The Balearics “Rejection of Tourism” Continues

Tourism has made the Balearic islands and many of it’s native inhabitants rich beyond their wildest dreams but the anti-tourism philosophy and the relentless quest for negative publicity that has been endemic over the last few years shows no sign of stopping.

This weeks addition to the ‘you couldn’t make it up’ list is the news that the Formentera government is pushing forward a new law that may leave you scratching your head in bewilderment.

This beautiful island is the jewel in the Balearic crown and with no airport relies solely on boats to bring tourists to it’s door yet a new maritime law will ban day cruise boats from docking at the only port in La Savina.

Now let that sink in for a minute (pun intended). A tourist island that’s only accessible by boat but doesn’t want day cruises to go there. It doesn’t want to cut back, limit or renegotiate it wants a total ban. No wonder the outside world is perplexed to what the Balearic Islands actually do want.

The new law won’t affect the larger ferry companies such as Balearia and Trasmapi who service the island on a daily basis throughout the year but will affect the 8 pleasure boat companies specialising in day cruises who are hopping mad as the new law will virtually kill off part or most of their business overnight. This week they have been remonstrating strongly with local politicians including Pepa Mari, who’s in charge of transport and mobility at Ibiza’s Island council.

The boat companies claim that the new measures ‘will reduce the quality and diversification’ that Ibiza offers to tourists by depriving them of the possibility of visiting Formentera directly from areas, such as the Marina Botafoch, Playa d’en Bossa, San Antonio and Santa Eulalia.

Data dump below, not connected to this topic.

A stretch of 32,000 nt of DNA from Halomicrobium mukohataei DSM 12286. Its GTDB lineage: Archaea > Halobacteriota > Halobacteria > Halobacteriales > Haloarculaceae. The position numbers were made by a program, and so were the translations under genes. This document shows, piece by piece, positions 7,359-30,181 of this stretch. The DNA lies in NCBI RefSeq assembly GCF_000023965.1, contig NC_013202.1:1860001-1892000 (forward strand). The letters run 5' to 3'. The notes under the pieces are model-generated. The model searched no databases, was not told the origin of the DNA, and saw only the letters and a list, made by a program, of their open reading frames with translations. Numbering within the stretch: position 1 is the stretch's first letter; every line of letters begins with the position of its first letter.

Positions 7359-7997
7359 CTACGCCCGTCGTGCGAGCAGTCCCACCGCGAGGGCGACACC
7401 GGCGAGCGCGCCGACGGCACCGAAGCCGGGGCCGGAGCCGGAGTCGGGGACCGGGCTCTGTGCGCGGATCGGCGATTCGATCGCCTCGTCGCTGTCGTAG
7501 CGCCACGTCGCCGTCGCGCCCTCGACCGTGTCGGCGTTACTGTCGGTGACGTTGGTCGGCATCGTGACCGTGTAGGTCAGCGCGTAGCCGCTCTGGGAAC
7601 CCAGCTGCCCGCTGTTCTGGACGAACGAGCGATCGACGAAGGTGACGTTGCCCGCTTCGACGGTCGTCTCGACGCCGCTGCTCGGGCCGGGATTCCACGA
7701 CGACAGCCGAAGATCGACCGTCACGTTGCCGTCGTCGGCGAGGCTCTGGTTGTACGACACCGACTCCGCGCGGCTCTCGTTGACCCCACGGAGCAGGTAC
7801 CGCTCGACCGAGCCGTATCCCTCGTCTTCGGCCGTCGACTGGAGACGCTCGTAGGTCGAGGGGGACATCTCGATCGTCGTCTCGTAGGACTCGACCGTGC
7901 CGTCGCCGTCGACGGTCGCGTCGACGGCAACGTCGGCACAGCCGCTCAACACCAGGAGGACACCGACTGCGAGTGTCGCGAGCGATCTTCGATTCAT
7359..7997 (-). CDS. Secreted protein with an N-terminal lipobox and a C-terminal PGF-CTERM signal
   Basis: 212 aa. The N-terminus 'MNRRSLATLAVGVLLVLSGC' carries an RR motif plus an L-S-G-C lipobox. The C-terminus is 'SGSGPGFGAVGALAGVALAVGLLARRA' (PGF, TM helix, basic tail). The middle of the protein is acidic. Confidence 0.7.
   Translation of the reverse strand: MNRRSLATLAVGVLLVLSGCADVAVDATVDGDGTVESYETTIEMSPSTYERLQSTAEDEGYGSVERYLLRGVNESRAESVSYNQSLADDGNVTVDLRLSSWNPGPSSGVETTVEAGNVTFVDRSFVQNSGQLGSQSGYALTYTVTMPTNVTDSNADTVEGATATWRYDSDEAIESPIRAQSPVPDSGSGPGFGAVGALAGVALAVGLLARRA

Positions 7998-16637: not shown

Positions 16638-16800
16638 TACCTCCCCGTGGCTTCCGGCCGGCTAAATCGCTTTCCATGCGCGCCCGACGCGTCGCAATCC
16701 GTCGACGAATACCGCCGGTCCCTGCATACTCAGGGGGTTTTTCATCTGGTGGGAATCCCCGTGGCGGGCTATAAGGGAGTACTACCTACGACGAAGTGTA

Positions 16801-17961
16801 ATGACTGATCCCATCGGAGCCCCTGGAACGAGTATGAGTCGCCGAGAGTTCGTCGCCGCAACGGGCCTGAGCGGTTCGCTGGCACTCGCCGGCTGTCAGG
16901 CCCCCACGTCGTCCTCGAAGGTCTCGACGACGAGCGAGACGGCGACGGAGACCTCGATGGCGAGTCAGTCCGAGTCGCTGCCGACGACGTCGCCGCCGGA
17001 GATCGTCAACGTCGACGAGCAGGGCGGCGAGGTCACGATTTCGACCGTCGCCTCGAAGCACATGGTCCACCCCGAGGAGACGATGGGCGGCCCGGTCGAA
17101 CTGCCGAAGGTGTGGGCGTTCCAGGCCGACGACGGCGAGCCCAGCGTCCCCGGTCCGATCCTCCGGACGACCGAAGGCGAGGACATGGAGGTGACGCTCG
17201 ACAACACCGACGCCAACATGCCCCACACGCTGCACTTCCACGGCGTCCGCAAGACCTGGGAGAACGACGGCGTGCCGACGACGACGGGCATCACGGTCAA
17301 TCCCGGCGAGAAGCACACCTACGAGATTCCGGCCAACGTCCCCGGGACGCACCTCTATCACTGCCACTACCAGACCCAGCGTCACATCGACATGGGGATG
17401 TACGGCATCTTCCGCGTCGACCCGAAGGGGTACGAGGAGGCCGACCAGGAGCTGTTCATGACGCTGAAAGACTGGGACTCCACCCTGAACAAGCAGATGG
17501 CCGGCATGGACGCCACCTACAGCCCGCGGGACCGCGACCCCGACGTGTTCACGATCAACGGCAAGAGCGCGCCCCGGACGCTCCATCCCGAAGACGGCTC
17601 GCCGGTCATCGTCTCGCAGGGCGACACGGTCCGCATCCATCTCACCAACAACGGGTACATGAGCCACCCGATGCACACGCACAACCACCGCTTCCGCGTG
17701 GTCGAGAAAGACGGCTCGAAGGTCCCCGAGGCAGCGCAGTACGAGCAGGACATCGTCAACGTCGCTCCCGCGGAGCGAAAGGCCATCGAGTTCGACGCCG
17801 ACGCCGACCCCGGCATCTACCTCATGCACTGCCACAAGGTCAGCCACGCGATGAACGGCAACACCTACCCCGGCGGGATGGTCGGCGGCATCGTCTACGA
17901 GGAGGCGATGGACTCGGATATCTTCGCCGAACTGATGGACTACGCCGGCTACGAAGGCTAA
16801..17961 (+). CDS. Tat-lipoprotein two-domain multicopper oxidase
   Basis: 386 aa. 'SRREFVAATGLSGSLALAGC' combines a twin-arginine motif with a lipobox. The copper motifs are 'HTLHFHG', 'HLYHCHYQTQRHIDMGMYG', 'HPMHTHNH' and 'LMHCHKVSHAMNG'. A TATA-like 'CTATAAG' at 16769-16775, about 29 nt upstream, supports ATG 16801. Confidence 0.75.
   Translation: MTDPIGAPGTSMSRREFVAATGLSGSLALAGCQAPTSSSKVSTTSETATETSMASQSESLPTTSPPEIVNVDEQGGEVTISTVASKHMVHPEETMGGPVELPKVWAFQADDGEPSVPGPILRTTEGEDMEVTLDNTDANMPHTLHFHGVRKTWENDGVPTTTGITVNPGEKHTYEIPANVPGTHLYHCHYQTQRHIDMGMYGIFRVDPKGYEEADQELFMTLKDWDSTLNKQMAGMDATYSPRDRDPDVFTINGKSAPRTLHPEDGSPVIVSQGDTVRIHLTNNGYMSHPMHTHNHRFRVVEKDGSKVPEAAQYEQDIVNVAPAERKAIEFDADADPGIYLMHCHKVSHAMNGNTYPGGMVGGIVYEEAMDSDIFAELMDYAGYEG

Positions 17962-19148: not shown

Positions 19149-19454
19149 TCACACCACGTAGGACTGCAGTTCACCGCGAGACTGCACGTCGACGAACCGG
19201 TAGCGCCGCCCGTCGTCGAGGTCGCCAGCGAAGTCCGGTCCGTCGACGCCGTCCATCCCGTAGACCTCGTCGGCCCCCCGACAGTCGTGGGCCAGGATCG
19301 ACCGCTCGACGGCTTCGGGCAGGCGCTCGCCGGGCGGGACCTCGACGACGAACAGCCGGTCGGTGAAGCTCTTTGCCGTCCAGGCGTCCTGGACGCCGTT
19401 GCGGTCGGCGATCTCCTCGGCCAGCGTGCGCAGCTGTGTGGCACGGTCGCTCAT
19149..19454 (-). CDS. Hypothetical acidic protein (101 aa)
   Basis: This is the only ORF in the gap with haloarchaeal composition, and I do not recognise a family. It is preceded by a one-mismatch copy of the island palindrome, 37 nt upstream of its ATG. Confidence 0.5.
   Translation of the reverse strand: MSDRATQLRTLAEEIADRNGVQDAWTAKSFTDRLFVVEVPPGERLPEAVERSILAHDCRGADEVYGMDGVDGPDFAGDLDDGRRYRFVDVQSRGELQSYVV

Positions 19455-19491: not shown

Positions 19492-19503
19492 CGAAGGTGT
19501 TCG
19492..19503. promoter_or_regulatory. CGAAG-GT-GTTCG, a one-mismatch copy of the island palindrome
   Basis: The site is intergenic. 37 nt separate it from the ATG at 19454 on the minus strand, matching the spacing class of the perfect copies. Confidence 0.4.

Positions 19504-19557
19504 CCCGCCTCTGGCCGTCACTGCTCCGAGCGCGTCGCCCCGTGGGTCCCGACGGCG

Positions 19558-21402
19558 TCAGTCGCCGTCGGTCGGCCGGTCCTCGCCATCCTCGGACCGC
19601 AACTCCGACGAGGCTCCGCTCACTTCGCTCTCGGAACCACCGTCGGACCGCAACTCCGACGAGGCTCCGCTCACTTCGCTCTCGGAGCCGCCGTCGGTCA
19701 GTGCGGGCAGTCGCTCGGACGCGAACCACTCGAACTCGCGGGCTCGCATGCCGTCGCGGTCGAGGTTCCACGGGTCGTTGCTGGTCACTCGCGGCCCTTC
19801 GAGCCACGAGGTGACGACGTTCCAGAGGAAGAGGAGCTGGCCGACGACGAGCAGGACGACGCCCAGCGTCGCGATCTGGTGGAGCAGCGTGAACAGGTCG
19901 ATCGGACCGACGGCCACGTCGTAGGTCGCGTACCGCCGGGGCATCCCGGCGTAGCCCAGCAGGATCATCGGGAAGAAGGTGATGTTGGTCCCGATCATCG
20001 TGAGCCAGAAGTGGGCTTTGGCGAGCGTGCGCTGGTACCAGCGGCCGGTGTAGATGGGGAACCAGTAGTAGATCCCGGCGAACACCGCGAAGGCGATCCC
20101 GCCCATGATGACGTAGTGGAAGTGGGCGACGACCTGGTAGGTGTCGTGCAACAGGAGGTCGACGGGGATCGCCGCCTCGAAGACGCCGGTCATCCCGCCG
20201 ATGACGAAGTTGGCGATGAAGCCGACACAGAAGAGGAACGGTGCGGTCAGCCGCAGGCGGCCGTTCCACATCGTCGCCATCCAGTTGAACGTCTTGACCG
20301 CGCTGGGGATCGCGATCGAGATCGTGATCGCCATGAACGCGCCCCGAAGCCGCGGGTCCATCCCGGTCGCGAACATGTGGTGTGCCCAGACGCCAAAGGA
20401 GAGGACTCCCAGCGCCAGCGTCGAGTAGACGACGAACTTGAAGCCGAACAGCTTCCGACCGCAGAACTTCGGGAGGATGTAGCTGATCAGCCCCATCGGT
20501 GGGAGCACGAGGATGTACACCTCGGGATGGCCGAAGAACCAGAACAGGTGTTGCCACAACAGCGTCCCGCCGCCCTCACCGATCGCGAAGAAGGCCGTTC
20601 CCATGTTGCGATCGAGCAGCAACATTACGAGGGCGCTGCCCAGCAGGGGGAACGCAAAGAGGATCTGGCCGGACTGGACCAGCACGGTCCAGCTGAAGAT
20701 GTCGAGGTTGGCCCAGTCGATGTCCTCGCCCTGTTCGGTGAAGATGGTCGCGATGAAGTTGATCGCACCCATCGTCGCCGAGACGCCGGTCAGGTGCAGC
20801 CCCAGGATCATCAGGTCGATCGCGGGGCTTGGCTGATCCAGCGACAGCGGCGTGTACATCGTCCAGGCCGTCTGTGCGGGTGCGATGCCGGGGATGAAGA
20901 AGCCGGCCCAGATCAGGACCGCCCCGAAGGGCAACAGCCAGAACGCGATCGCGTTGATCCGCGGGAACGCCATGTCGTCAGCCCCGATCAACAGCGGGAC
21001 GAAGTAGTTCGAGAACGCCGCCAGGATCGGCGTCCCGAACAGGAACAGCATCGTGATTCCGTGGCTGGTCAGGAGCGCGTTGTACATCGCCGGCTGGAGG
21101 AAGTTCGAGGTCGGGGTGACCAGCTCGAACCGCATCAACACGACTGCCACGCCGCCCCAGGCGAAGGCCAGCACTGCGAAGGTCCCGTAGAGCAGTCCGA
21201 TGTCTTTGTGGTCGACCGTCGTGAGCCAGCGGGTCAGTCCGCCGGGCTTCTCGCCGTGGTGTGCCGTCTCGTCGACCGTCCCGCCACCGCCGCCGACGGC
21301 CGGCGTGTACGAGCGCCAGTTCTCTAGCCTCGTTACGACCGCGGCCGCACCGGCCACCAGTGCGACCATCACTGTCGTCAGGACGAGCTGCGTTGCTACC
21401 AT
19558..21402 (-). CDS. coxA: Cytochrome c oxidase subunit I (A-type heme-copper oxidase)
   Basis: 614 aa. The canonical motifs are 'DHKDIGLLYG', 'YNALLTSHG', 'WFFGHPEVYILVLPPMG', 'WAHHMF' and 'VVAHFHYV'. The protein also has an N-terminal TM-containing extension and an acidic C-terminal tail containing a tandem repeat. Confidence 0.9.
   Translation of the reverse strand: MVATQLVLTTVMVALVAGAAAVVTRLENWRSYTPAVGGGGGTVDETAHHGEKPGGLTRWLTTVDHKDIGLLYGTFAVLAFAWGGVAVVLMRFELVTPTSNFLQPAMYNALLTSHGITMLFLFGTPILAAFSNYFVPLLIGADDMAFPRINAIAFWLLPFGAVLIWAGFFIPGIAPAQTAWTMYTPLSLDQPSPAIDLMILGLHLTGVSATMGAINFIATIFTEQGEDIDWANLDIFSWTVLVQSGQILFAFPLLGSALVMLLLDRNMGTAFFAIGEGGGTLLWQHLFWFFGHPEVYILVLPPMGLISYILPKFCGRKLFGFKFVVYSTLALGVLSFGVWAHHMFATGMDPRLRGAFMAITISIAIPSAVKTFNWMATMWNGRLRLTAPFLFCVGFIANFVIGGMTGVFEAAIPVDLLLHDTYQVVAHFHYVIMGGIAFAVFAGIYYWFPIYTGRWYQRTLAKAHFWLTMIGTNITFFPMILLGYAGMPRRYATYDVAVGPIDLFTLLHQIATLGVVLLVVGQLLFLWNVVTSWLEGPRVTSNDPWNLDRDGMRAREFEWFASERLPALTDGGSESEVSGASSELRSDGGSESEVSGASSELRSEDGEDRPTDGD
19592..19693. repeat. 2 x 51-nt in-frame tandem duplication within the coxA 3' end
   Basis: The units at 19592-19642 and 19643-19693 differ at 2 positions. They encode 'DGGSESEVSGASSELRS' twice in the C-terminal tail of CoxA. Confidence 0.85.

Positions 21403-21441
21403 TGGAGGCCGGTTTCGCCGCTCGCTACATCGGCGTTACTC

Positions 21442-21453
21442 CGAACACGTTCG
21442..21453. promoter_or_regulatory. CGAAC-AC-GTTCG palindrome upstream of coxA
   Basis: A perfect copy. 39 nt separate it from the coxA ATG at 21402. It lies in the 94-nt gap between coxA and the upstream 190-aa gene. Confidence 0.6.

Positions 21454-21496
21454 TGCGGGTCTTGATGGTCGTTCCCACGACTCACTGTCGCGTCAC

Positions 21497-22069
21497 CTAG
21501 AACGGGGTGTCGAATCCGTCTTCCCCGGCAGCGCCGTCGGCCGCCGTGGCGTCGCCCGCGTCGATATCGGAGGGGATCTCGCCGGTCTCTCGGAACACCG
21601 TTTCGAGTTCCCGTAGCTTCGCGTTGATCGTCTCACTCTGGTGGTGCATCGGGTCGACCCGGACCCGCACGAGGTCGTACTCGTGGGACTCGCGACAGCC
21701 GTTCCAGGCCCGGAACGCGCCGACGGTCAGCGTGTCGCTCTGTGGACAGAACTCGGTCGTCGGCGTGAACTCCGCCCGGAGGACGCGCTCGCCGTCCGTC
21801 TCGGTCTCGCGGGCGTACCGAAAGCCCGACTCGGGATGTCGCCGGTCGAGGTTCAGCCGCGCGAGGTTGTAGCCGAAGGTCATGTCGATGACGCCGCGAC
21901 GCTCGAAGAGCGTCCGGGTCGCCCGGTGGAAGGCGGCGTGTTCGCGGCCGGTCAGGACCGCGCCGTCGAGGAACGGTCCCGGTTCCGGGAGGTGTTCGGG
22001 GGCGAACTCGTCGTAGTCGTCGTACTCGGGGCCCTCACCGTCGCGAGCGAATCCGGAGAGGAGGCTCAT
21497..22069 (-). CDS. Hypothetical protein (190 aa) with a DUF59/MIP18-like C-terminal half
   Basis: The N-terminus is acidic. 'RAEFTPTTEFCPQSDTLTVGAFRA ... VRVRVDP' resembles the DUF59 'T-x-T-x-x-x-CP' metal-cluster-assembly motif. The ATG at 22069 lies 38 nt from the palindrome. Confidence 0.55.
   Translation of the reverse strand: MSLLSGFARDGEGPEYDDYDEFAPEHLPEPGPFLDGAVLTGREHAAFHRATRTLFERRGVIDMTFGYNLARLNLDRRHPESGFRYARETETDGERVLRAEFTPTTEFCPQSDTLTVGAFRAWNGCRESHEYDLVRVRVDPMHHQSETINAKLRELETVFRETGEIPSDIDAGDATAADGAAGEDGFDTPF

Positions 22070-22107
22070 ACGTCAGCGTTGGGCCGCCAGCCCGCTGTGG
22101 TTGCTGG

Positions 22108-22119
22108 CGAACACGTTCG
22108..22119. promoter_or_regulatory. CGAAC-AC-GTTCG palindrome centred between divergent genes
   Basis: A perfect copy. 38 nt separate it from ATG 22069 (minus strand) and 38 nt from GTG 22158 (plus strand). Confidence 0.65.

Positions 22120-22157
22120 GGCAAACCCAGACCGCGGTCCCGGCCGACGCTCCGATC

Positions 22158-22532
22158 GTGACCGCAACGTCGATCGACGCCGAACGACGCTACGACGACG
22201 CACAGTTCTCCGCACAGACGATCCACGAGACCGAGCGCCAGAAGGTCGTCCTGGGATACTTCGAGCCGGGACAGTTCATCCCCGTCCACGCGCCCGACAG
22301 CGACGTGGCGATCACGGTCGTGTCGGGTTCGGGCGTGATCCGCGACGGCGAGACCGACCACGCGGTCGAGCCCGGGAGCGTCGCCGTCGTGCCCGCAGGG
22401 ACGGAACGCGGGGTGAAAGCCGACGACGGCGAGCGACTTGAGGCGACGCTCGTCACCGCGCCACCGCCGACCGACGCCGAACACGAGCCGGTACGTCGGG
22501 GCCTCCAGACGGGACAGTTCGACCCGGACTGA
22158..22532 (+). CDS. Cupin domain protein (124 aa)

They have also reiterated that the new decree ‘is an attack on the freedom of business, equity and justice’ saying that 200 jobs could be in serious danger. The boat companies also point out that Formentera companies can still continue to offer day trips to Ibiza so the new law is discriminatory and literally one-way traffic.

The CEO of Mallorca based Meliá Hotels, Gabriel Escarrer, has also waded into the debate saying that the current perception that the Balearic Islands has too many tourists is so widespread that tour operators have asked him if the Balearic Islands ‘wants to commit suicide’ because they do not understand how the islands can adopt so many measures that harm competitiveness whilst at the same time sending out messages that generate uncertainty and transmit a rejection of tourism’.

Meanwhile the local press are reporting that Turkey and Egypt are seeing a 30% increase in demand whilst the Balearic Islands had a near 300,000 drop in British and German visitors in 2018 compared to the previous year. It doesn’t take a rocket science to decipher these numbers, a little common sense can see that people are deserting the Balearics in search of cheaper destinations that value tourism.

Welcome to the Balearics where we only want a certain type of tourist and if you’re ‘lucky’ enough to pass the means test you will be required to pay an extra tax on arrival at your all inclusive hotel which will soon not be allowed to serve alcoholic drinks and by the way don’t even think about that day trip to Formentera!

Author: Martin Makepeace

Englishman living and working in Ibiza since 1991. Entrepreneur with a passion for villas, boats, sunsets and San Antonio. Owner of Ibiza Property Shop and Ibiza Speedboats.

6 thoughts on “The Balearics “Rejection of Tourism” Continues”

  1. “Tourism has made the Balearic islands and it’s native inhabitants rich”… ¿quien es el rico? los dueños de los hoteles, porque los demas NO… putos ingleses… a ver si con el brexit os echan a todos…

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  2. Thankyou for keeping us informed of what’s happening in ibiza.